Boris Camaca is his photography pseudonym. He is a 29-year-old Paris native that finds his inspiration around Montmartre, Barbès and Pigalle. His photos first caught our eye because of his painting like compositions and after chatting with him about his development as an artist we found out where this comes from and how it has grown.


Did you have schooling or are you a self taught photographer?
I fell in love with photography because of those antique machines that one can find by looking through his parents’ old stuff. My dad had four or five different cameras and at first I was just fascinated by the object itself. In high school my best friend used to take a lot of pictures and I just joined him into doing so.
After high school graduation, I went to an Art school here in Paris (ENSAD). It was not really my intention to do photography there – mostly I wanted to be a painter, to draw a lot but there was no drawing or painting specialty so I chose what attracted me most besides Fine Arts. There, we were mostly initiated to silver printing, black and white and color. The rest of my photographic education was provided by museums, books, and mostly by working as an assistant to other photographers. There you really discover how different the practice of one photographer is compared to another.


How would you describe your style in 3 words?
If I had to describe it in three words, I would say that I’m trying my best to make it changing, adaptive, typological but I don’t really believe or give any credit to style. Style to me is just bad habits that you don’t get rid of and that finally become your signature.
Photography, through its infinity of possibilities gives us the freedom to go from an aesthetic to another by changing parameters like light, working analogue or digital, changing lenses, by changing subject etc.
Even photographers that assume to have a style, after a while, they will naturally change, it is a bit boring to do the same images over and over again. It’s much more exciting to try look for the right way to express a particular subject visually.


The thing you feel sets you apart from other photographers?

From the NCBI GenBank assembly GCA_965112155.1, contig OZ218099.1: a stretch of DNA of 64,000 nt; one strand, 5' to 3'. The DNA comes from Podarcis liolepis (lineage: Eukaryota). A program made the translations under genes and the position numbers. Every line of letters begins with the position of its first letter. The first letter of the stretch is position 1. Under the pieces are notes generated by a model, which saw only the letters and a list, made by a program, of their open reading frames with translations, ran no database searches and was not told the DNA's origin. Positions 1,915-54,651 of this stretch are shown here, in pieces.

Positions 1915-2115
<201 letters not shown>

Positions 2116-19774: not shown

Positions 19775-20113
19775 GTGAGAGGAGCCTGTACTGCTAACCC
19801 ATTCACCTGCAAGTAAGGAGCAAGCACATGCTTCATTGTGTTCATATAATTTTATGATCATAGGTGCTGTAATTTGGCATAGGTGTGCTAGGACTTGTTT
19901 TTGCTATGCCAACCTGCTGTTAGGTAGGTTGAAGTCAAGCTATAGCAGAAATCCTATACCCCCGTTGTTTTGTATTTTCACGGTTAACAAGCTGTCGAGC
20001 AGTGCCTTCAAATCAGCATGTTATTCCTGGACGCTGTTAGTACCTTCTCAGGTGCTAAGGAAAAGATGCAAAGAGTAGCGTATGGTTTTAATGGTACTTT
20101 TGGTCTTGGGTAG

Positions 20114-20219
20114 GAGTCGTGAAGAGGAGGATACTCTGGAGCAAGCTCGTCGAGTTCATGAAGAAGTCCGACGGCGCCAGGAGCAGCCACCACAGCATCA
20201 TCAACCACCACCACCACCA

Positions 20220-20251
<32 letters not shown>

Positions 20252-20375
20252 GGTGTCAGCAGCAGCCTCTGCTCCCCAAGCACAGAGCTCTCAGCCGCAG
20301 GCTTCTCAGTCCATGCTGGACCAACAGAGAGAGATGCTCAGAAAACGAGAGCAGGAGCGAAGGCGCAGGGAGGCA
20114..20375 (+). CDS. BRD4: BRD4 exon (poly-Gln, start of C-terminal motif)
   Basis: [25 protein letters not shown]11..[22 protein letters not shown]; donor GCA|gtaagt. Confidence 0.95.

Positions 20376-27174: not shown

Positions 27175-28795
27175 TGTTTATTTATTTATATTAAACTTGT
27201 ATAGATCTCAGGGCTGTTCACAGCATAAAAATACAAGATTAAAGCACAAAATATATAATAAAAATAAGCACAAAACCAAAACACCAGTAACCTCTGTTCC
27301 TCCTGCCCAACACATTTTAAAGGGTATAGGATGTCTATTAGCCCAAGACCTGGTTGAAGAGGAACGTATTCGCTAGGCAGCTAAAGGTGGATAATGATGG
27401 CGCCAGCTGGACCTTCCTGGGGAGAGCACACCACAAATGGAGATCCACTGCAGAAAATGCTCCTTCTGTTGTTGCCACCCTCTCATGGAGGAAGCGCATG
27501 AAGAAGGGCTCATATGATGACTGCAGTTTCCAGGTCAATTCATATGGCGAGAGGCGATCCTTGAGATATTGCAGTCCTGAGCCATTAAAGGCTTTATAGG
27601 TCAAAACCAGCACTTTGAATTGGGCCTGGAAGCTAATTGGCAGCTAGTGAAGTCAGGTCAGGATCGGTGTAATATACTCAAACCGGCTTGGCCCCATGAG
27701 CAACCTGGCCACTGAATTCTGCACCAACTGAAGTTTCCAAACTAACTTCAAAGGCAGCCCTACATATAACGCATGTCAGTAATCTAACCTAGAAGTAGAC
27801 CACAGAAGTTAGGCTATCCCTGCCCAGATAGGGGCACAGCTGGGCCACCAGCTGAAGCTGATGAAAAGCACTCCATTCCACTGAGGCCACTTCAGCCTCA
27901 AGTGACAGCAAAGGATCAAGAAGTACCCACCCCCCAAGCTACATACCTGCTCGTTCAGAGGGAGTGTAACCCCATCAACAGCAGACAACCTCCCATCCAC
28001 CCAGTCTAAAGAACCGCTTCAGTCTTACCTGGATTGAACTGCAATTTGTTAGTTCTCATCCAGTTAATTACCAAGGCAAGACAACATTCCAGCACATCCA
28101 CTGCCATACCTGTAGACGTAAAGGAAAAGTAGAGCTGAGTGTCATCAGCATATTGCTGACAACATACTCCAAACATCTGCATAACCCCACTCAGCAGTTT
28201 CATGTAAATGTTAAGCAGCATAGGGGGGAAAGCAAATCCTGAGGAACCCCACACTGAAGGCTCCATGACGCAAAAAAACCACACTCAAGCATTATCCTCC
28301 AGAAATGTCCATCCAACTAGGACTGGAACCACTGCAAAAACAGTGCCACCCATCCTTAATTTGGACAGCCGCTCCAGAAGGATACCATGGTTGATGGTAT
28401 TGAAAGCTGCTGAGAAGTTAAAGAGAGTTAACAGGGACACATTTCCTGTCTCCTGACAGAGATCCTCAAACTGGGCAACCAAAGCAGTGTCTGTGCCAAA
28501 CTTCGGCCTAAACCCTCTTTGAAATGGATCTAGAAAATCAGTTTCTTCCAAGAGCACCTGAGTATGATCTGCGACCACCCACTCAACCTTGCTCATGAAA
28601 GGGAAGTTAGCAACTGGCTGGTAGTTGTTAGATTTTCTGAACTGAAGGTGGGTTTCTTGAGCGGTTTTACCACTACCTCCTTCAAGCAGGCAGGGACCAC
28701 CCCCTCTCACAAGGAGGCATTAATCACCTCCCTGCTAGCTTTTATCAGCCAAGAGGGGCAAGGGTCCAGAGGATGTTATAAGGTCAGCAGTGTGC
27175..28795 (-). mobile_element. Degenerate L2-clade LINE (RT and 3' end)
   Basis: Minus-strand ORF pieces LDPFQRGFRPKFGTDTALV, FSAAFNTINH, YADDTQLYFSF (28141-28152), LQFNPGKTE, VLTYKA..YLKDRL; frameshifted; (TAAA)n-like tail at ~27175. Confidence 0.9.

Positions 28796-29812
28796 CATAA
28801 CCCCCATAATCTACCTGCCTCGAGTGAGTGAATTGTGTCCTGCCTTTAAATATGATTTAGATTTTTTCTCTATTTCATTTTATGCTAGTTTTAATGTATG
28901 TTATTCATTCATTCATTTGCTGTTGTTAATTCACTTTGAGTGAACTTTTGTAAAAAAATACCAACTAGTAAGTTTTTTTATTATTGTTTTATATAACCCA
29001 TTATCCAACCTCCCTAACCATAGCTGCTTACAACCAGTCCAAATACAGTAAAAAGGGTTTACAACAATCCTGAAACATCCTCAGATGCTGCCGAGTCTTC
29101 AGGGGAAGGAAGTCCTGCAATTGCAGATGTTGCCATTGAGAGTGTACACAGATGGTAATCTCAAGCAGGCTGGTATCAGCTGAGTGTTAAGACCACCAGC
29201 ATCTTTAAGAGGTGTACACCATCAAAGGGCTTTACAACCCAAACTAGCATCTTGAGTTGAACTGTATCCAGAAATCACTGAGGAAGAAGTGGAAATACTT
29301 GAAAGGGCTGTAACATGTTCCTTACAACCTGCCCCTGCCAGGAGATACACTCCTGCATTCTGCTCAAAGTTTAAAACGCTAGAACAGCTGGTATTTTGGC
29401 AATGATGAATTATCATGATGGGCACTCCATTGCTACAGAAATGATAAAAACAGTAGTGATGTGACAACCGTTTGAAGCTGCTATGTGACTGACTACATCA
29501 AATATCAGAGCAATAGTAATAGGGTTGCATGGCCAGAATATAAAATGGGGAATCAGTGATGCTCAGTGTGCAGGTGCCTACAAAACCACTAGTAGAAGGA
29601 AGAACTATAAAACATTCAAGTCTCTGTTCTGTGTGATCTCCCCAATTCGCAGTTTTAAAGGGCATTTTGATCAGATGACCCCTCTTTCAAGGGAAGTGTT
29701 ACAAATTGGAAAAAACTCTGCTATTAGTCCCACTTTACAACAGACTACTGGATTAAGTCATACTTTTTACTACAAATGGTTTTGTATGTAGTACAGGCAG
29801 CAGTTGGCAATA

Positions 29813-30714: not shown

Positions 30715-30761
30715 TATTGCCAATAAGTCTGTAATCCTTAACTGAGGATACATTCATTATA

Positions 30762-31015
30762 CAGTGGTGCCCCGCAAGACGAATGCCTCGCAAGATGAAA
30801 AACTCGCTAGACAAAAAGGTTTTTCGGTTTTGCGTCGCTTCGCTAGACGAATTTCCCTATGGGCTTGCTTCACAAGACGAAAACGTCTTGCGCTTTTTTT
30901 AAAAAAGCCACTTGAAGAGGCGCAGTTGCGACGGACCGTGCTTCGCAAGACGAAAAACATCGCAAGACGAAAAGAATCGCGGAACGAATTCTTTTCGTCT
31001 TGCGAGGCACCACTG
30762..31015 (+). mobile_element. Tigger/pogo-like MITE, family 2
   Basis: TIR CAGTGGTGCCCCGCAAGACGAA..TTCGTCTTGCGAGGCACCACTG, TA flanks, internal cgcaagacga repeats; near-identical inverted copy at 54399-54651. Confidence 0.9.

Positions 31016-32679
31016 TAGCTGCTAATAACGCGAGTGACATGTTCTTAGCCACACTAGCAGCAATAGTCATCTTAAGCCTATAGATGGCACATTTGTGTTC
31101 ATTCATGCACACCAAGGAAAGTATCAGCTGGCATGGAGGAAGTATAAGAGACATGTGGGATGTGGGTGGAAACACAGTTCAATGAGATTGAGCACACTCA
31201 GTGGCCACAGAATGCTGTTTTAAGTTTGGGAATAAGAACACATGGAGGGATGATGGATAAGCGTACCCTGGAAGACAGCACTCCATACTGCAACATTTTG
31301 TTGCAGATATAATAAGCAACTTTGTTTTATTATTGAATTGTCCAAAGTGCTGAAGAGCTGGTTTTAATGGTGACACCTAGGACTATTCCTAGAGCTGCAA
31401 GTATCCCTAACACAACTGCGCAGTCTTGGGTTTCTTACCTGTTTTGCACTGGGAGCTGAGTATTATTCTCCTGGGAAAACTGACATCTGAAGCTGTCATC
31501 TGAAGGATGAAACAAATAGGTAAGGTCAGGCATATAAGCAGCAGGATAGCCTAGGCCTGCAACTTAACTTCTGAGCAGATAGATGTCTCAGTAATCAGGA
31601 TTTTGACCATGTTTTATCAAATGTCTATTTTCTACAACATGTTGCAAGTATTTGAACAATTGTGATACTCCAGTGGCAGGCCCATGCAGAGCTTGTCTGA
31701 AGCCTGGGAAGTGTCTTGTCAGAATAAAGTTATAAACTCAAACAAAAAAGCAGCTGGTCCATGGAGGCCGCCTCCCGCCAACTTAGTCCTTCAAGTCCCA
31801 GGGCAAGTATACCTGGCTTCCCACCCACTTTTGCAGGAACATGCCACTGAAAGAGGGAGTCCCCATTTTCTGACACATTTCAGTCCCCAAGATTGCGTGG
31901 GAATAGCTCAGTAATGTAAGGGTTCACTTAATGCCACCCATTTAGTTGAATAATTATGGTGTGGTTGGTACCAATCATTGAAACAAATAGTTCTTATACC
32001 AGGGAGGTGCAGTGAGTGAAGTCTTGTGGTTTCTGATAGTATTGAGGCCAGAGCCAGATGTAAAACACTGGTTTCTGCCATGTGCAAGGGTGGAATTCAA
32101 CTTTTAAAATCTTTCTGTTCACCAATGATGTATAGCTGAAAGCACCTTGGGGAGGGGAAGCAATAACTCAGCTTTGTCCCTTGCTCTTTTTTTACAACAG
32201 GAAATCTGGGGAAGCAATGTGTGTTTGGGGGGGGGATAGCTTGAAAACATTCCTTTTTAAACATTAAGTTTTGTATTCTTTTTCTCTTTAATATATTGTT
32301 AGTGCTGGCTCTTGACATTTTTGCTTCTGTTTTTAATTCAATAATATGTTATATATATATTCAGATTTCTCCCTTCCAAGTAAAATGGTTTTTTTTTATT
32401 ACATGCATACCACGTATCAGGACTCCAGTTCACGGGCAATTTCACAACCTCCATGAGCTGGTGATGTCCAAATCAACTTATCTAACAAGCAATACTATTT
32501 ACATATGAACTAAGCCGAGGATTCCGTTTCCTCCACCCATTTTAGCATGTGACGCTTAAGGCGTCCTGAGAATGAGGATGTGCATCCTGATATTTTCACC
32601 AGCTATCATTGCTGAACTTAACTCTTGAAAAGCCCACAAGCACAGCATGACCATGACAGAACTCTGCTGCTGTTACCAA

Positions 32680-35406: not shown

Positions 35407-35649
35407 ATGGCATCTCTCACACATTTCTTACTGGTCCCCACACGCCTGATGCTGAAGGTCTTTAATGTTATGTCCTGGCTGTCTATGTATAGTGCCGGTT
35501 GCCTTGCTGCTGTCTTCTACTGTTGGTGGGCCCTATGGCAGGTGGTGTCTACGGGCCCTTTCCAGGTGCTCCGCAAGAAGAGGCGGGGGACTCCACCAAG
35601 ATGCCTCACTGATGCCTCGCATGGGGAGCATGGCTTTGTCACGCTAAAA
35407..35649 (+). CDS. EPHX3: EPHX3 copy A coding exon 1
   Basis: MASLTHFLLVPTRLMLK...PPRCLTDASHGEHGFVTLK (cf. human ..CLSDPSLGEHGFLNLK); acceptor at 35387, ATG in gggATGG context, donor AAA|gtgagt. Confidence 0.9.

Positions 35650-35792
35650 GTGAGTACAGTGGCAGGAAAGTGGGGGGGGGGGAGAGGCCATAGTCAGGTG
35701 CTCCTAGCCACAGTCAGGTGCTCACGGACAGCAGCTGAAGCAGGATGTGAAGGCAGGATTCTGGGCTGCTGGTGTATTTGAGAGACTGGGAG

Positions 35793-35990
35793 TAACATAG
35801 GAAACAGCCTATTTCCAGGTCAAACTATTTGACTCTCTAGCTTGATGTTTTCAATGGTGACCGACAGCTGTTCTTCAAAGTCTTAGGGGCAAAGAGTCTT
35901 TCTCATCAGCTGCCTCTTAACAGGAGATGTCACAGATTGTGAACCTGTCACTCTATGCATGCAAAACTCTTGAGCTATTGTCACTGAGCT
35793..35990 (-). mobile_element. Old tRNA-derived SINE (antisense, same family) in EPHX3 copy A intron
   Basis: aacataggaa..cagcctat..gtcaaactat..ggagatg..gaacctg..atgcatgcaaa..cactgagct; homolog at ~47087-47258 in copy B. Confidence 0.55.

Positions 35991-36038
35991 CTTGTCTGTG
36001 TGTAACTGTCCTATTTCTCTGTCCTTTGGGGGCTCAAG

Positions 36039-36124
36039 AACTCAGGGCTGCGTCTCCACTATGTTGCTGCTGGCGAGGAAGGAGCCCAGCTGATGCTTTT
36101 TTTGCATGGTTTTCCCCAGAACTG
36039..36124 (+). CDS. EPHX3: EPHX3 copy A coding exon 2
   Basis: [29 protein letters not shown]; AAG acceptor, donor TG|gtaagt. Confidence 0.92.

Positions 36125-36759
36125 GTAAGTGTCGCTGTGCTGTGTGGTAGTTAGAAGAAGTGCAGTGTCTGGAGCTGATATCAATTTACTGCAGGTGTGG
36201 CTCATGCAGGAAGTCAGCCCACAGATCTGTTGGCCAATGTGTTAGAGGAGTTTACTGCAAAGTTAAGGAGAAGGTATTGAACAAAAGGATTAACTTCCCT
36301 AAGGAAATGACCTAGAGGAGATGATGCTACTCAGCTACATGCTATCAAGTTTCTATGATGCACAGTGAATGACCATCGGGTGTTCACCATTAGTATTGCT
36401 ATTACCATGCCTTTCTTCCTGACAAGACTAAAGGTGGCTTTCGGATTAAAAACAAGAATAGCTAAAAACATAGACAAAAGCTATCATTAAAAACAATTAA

Nothing sets me apart really except for my point of view. But we all have one of those so aren’t we all set apart to begin with..

Can you tell us a bit about your evolution as an artist?
In terms of form I’ve been working a lot on how to copy aesthetics that already exist such as Renaissance paintings, Modern paintings, even Computer Generated Images. How to get a CGI render by taking photographs. In the past I’ve done that for a music cover and it was a very interesting occupation.
The last couple of years have been focused on how to get a series of pictures to be narrative, translating an idea or a story.


How do you hope to evolve in the future?
My dream is to be able to do multiple things, work as a AD, as a photographer who is able to work in different fields. Like documentary, personal weird photography, commercial stuff, as well as fashion editorials. Cinema is an obsession of mine. I directed two short movies under another name and I’m working hard on multiple new ones. There’s also a feature film’s script that needs to be finished in the next couple of months.

As a photographer, would you say you are more of a rule maker or rule breaker?
That is a very good question but I’m completely unable to answer it.


Can you tell us a bit about your current projects?
I just launched the first issue of a printed publication. An Art project / Fashion Magazine with two graphic designers. The name is Télévision and there, we’re really trying to do what I spoke about earlier, just going through different aesthetics all the time.


What is the most important thing about the subject you shoot?
Nothing really, it’s my belief that every subject is interesting to work with. What is more important are the conditions you shoot in. One of the most important conditions being how well you are prepared to take a picture of your subject. Sometimes you’re not and it can make either great images or very poor ones.


Where do you get your biggest source of inspiration from?
For a long time my inspiration came from multiple Art forms, paintings, literature, cinema, music etc. Now inspiration can come from anything and everything; how people dress, behave, something that happens to me, a memory, a tv show, a story I’m told. It really doesn’t matter.

Head or heart photographer?
I would love to answer heart but I think it’s head.


Dream photography job?
Fashion magazines giving me “carte blanche” for editorials. Fashion photography seems to be becoming an art form, not just a way to sell clothes. Fashion photographers play more and more with codes, designers build their artistic families with very talented people and the whole “territory” of fashion photography is evolving really fast. 


Biggest privilege in what you do?
Is to do what I like, relatively freely.

Work motto?
None. But I like a shoot to be a good moment for everyone.


By Indiana Roma Voss



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